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Farm machinery of the past

Steward Sheaf Loader offered ability to load 
sheaves faster and with less physical labour

The Black family in the field with their Steward Sheaf Loader. For some reason a number of ladies has come out to the field. Perhaps the loader was new and they wanted to see it in operation? They are not likely there to deliver a meal as that many would not have been needed to take refreshments.

Bruce Black of the Brandon area has allowed the Manitoba Agricultural Museum to copy negatives of photographs taken around 1920 on the farms operated by the Black family. The photo above shows a sheaf loader. The handling of sheaves was a large enough problem that a number of pieces of equipment were developed to ease this. The Steward Sheaf Loader was one such machine and offered the ability to load sheaves on a wagon faster and with less physical labor. It was a fairly simple machine — ground driven and operated with a four-horse team. The machine had a slatted chain pickup that gathered the sheaves off the ground and carried them up to a cross elevator that was also fitted with a slatted chain. This cross elevator carried the sheaves higher and dropped them into a wagon. The frame of the Steward Sheaf Loader was made of square steel tubing and flat iron. Galvanized steel sheet formed the floors of the elevators with wooden boards forming the sides. In the photo, it appears the upper part of the high side of the sheaf wagon was made of page wire rather than wooden boards, perhaps to reduce the weight of the body.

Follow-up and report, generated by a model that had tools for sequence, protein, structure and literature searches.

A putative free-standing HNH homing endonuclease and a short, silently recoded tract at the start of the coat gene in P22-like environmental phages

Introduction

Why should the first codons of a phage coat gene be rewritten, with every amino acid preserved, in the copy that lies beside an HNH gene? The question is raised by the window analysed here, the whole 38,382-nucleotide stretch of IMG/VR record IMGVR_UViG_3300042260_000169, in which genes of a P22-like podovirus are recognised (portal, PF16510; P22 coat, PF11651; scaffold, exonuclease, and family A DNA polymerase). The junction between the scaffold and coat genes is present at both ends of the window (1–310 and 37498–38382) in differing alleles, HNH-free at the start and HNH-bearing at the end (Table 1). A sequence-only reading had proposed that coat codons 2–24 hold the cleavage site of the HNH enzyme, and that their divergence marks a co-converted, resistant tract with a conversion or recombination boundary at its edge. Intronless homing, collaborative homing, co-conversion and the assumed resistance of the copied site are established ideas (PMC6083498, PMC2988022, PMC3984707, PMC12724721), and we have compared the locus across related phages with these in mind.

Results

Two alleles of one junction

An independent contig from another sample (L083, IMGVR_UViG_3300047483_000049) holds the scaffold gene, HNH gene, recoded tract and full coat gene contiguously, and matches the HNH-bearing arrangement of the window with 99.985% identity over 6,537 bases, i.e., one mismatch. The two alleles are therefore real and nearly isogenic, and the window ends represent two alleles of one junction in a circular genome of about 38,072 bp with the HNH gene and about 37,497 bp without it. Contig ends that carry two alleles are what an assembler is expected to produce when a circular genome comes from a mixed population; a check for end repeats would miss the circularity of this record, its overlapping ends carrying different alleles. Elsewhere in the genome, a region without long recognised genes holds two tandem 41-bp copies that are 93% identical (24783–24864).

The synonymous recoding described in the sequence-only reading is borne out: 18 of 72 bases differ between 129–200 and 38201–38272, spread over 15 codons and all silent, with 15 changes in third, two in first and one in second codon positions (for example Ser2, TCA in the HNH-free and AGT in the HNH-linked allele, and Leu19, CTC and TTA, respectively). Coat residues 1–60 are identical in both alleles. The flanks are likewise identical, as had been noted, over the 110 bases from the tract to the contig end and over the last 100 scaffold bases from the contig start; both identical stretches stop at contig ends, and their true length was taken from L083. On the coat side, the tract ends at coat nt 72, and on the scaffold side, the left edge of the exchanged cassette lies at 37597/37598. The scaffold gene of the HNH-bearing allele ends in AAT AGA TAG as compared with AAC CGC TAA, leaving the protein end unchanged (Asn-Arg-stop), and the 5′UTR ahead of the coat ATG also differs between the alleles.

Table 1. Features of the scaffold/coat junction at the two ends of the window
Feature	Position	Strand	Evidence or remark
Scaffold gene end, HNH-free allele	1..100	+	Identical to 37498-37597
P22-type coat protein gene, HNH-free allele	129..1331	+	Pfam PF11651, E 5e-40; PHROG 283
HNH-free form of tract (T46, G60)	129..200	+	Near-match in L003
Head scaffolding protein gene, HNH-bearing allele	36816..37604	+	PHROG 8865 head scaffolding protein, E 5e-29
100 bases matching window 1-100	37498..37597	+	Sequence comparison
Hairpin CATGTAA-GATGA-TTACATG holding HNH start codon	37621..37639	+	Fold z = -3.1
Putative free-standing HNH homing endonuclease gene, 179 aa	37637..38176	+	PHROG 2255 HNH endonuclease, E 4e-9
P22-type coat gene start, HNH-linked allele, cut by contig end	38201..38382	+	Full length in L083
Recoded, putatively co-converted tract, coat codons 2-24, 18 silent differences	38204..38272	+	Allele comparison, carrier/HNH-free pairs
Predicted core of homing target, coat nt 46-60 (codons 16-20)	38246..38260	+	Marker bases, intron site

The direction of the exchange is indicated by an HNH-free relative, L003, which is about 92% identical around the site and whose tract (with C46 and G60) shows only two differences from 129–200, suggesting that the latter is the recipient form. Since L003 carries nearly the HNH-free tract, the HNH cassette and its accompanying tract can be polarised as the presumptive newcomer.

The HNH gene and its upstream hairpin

The Steward Sheaf Loader Company Ltd. owned an office and plant in Winnipeg operating sometime between 1910 and the mid-1920s.

It has been suggested that many veteran sheaf pitchers who loaded wagons by hand did so in a pattern so the pitcher would know where to stand when pitching sheaves into the thresher and not be attempting to pitch a sheaf that he was standing on. With a wagon loaded by a Steward, the sheaves were loaded helter-skelter onto the wagon so the pitcher could have more work unloading the wagon.

The museum has three Steward Sheaf Loaders in the collection including one early machine which features a wooden deck on the pickup elevator. Because they were built with a frame of square steel tubing and flat iron, they would have been a very handy source of useful steel for repairs when the machine was no longer needed. So for three machines to have survived intact for donation to the museum indicates Steward Sheaf Loaders were sold in respectable numbers.

The Manitoba Agricultural Museum is open year round. For location and hours of operation go to

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